My mother was right; Aznavour was embarrassing and self-indulgent. But he was also shameless and unapologetic, and when he sang to us, when he sang to me, spoke to me in his rich, tremulous, heartbreaking voice, he also spoke for me. Which is a little strange because he was a man in his 40s then, singing songs, mostly in French, about the passing of time, love and grief, how memories mix with desire, but mostly, he sang about sex. He ends his song Toi et Moi, for example, with the words, "Pleasure me, make love to me." I didn't understand the words, but I felt them.

          Singing isn't precisely the word for what he does. He uses his body, as well as props; a cigarette (he smokes while he sings), a white handkerchief, a chair. He turns the chair the wrong way and straddles it, resting his head on the chairback, as if he's too tired to fight it anymore, this woman, these emotions, time itself. He lights a cigarette, exhales smoke, and begins to talk. (In a recent interview, when asked if he thought he was the end of his musical lineage, he answered that rap, when it has the feel of street poetry, is the new chanson.)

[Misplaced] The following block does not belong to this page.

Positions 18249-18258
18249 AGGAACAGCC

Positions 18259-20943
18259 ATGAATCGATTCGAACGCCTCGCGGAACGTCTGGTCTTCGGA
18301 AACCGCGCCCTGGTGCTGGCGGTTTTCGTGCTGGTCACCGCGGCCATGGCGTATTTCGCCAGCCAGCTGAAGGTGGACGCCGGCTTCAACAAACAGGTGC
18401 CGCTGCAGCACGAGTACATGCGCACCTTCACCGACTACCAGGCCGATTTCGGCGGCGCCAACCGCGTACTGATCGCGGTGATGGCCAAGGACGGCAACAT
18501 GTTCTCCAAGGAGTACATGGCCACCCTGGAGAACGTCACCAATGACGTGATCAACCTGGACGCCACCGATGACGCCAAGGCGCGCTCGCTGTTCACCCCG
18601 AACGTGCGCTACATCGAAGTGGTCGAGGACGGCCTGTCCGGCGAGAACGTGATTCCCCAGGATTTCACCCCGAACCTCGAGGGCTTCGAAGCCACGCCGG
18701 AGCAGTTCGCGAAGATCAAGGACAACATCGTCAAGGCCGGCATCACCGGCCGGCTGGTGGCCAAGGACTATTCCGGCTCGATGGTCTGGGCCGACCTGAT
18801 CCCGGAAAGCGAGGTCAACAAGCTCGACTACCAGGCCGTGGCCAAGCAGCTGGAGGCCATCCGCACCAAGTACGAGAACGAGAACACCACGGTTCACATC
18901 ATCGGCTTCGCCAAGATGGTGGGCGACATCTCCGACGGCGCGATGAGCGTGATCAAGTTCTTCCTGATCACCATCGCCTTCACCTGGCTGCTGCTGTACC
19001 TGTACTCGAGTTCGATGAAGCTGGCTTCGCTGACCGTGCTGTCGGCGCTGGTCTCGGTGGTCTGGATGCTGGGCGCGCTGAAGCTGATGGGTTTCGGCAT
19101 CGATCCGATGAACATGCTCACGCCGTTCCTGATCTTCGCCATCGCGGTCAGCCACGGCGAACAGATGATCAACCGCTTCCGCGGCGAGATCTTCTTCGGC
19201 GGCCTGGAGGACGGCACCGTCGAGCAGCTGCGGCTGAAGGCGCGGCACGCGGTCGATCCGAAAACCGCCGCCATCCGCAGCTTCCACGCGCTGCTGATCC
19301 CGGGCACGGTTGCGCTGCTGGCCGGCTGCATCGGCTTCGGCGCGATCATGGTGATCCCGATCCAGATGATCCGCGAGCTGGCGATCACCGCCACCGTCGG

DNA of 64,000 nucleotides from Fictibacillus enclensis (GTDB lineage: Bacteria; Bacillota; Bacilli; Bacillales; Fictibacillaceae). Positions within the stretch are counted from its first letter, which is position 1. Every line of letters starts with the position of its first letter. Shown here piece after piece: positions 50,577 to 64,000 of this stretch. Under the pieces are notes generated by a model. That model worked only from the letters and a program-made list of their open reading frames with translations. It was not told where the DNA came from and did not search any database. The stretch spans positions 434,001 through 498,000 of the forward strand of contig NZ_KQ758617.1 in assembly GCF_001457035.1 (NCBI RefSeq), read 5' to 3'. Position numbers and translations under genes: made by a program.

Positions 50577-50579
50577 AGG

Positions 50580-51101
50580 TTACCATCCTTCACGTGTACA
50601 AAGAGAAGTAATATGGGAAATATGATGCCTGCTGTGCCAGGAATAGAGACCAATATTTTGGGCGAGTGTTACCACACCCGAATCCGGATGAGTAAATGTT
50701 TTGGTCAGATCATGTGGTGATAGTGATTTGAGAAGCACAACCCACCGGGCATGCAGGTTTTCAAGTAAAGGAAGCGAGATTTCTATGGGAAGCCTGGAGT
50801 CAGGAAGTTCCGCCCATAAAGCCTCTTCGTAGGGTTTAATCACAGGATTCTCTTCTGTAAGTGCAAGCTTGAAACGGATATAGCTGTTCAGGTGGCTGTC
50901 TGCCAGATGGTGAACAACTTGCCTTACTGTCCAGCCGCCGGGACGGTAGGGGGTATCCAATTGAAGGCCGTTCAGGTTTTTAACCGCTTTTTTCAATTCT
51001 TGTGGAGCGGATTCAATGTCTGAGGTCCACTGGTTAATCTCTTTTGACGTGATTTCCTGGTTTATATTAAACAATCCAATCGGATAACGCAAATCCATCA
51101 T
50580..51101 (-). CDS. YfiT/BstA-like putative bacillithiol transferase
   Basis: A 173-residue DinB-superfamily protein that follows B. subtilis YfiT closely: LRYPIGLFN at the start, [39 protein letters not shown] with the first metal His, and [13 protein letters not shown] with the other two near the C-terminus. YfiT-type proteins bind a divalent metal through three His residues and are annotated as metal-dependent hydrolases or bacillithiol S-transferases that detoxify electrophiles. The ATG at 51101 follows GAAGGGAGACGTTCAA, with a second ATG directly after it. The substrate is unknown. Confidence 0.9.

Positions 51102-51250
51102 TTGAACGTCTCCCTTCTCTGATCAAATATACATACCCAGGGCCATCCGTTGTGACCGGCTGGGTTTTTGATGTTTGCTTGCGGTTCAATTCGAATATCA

He speaks English with a heavy French accent, and although most of his songs are in French, the one I remember was in English, and the part I remember is when he stops singing, mid-song, and begins to talk to an imagined lover.

          What he does next is incredible—as he's telling his phantom lover how he wants to hold her when they dance, he turns his back on the audience and begins to dance alone, embracing himself, miming the hands of a lover. He murmurs adoring words to himself. While his hand reaches around to caress his shoulder, his hair, the back of his neck, he becomes both lover and beloved. The audience applauds.